Reading The Autobiography of Malcolm X, in 9th grade changed my life forever. It wasn’t so much the book itself, but what the book lead to. I started to question everything. First I got heavy into black culture and history, but became too militant and angry, learned more about the history of religion, slowly went through the process of deist to agnostic, and finally atheist, got interested in our government; still a news junkie till this day, grew an appreciation for life and now more open then I’ve ever been.

    I maybe should credit the first collision to the book that caught my eye in my high school library which actually recommended Malcolm X book and the only reason I even picked it up. It was called “Hip Hop HighSchool”… Meh Malcolm X sounds better lol

    • Val

      Reading that book was definitely transformative. And, very soon after I read it I found out that Malcolm X actually had lived in my neighborhood in Queens, New York. The house that was firebombed was only a few blocks from where I lived.

      • Todd

        So you’re from East Elmhurst? AKA the Black neighborhood that’s far from the others, but managed to get the Langston Hughes Library? (For those outside of Queens, it’s the borough’s answer to the Schomburg Center in Harlem, with a more literary focus.) I’ve always found that neighborhood odd, especially considering what’s surrounding it. Nice place to live though.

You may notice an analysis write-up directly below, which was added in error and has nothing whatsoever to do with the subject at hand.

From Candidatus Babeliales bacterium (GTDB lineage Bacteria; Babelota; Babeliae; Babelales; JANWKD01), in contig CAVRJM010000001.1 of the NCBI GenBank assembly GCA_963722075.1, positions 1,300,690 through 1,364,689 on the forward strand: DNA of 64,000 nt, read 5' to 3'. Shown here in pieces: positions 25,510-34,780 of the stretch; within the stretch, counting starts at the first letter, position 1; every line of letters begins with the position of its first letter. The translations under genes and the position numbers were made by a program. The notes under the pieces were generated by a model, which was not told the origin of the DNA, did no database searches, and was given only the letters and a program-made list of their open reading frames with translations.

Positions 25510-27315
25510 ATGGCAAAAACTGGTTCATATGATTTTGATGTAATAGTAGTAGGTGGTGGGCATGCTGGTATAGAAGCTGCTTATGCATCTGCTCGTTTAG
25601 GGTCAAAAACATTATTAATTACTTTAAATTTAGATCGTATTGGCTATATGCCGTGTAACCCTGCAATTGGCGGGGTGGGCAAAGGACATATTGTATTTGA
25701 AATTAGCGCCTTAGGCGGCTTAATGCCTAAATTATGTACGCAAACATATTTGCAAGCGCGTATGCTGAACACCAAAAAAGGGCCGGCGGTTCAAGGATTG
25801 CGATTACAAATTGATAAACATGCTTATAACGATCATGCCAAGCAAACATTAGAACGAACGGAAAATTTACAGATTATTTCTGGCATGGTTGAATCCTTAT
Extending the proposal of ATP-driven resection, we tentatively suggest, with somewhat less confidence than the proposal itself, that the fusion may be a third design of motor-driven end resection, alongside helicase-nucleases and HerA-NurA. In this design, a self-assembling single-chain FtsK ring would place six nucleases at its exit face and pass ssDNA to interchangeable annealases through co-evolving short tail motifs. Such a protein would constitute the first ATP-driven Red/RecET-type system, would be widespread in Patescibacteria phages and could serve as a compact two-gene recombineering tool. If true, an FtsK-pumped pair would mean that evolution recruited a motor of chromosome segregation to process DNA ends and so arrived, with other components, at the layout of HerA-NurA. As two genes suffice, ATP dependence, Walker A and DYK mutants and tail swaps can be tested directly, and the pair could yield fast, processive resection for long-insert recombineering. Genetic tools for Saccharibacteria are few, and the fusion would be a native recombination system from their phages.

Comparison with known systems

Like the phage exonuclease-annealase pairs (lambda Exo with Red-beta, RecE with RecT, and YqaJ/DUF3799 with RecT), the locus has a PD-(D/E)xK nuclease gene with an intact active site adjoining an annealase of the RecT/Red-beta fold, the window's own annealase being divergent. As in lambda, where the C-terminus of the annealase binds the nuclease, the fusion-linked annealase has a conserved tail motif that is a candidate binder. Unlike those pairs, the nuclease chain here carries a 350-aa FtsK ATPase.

• Val

          The Hurst in the house! Yep, Todd, it is a historic neighborhood. It was great spending much of my formative years there. East Elmhurst was one of the few Black communities that had such a diverse economic mix of Black folks.

          And, back in the day my mom was very involved with Langston Hughes Library. I spent a lot of time there as a kid. It’s an amazing place.

          • Todd

            Have you been in the area recently? They moved it out of that storefront to a much larger facility down the street. It’s nice, but it doesn’t feel the same. Also, $20 tells me your parents had friends in Addsleigh Park. LOL